De Brum also played a key role in the Paris climate negotiations, forging a coalition of about 100 diverse nations, the “high-ambition coalition,” which successfully pushed for a global warming limit of 1.5 degrees Celsius.—ALICIA SANDERS-ZAKRE

Posted: September 1, 2017

China Deploys Sea-Based Nuclear Force

China Deploys Sea-Based Nuclear Force

China has put in place its “first credible, sea-based nuclear deterrent” with the deployment of JL-2 submarine-launched ballistic missiles (SLBMs), according to the U.S. Defense Department. China is also strengthening other aspects of its nuclear forces with the deployment of a new intermediate-range ballistic missile and development of a long-range strategic bomber “that officials expect to have a nuclear mission,” according to the department’s May 15 report to Congress titled “Military and Security Developments Involving the People’s Republic of China 2017.”

The report, an annual requirement, indicates that China deployed the JL-2s in the past year. It states that China’s four operational JIN-class nuclear submarines “are equipped with” up to 12 JL-2s, while the 2016 report had stated that submarines “will eventually carry” them. The SLBMs have a range of 7,200 kilometers, according to the 2016 report. The Defense Department report also stated that China has deployed a new intermediate-range ballistic missile, the DF-26, which was first unveiled in a September 2015 parade. It could reach U.S. bases in Guam. People’s Liberation Army Air Force Gen. Ma Xiaotian announced in September 2016 that China was developing a new generation of long-range bomber, which observers expect to debut sometime around 2025, according to the new report. The bomber is expected to employ stealth technology, according to the report.—ALICIA SANDERS-ZAKRE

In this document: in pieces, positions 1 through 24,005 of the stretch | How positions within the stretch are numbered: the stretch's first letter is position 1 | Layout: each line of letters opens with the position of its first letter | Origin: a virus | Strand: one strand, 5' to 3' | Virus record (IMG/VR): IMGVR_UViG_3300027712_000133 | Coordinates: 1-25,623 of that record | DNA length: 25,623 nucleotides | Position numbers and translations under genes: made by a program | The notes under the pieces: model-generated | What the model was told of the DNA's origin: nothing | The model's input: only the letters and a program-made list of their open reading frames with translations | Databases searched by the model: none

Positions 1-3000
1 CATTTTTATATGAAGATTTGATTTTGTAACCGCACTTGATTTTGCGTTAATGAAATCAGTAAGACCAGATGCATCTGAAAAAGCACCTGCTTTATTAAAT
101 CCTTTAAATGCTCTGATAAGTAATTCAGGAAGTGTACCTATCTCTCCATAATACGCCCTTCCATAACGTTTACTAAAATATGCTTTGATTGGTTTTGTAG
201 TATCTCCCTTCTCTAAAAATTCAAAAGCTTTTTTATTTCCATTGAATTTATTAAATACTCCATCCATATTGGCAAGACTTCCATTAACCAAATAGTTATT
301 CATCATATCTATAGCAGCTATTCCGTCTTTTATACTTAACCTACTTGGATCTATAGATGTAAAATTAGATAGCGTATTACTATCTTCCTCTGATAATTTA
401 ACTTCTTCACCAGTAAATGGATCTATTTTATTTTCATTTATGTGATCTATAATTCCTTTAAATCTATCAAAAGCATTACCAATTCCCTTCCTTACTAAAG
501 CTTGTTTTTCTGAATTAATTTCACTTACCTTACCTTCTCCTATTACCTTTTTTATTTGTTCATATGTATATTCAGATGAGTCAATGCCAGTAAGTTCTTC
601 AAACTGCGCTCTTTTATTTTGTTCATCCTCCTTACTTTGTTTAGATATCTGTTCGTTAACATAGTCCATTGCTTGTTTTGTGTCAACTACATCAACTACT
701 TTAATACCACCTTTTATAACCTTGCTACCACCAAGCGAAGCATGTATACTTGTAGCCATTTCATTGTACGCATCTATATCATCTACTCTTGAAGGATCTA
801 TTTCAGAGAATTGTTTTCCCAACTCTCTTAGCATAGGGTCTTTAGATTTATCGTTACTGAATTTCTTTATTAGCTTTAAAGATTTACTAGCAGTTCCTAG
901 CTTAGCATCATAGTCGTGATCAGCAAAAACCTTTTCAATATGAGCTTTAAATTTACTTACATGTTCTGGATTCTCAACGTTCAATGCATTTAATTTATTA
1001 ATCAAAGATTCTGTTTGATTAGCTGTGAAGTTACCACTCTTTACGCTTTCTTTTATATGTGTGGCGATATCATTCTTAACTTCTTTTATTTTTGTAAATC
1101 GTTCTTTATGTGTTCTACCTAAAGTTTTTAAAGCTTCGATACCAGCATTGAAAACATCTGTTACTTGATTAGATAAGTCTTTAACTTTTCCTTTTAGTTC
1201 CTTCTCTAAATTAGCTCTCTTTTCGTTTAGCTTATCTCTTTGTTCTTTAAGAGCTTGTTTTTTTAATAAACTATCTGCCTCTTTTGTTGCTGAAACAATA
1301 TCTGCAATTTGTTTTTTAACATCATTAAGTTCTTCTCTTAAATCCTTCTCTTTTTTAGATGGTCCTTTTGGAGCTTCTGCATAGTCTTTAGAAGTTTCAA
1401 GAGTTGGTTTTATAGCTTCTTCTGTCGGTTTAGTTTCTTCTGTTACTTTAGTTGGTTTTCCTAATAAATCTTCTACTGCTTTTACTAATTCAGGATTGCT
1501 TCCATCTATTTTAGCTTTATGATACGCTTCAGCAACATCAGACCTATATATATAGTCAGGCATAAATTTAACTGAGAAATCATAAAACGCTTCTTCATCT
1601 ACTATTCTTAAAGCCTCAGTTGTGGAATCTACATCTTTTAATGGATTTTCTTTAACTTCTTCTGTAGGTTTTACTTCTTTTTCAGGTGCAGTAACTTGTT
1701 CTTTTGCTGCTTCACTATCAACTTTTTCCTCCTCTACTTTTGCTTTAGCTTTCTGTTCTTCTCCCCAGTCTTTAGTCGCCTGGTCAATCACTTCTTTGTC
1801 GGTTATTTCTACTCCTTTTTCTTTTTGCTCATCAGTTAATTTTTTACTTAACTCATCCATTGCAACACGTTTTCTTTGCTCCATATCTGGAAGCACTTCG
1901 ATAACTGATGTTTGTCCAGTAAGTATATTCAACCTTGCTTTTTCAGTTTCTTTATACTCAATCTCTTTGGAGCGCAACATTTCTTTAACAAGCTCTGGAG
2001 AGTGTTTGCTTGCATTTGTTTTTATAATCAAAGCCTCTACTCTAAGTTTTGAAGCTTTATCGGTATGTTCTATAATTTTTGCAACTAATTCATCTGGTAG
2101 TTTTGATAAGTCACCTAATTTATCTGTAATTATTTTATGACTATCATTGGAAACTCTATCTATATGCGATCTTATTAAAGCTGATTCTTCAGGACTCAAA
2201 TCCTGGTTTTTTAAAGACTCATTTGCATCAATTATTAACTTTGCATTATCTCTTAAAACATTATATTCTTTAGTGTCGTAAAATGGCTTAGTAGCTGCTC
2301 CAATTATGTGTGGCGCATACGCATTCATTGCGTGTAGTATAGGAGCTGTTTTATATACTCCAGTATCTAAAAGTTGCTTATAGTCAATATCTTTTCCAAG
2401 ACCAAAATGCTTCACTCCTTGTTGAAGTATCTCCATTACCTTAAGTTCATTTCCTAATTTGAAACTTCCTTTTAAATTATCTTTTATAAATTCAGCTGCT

Posted: July 10, 2017

Money Woes Curtail ‘Killer Robot’ Talks

Money Woes Curtail ‘Killer Robot’ Talks

Scheduled international talks this year on lethal autonomous weapons, or so-called killer robots, have been cut by half due to insufficient funding, according to Matthew Rowland, UK ambassador to the UN Conference on Disarmament in Geneva and 2017 chair of the Convention on Certain Conventional Weapons (CCW), the forum for the autonomous weapons talks. A meeting of governmental experts planned for Aug. 21-25 was canceled, along with some other CCW activities. A second session scheduled for Nov. 13-17 will be held, assuming sufficient funds, Rowland said in a June 6 letter.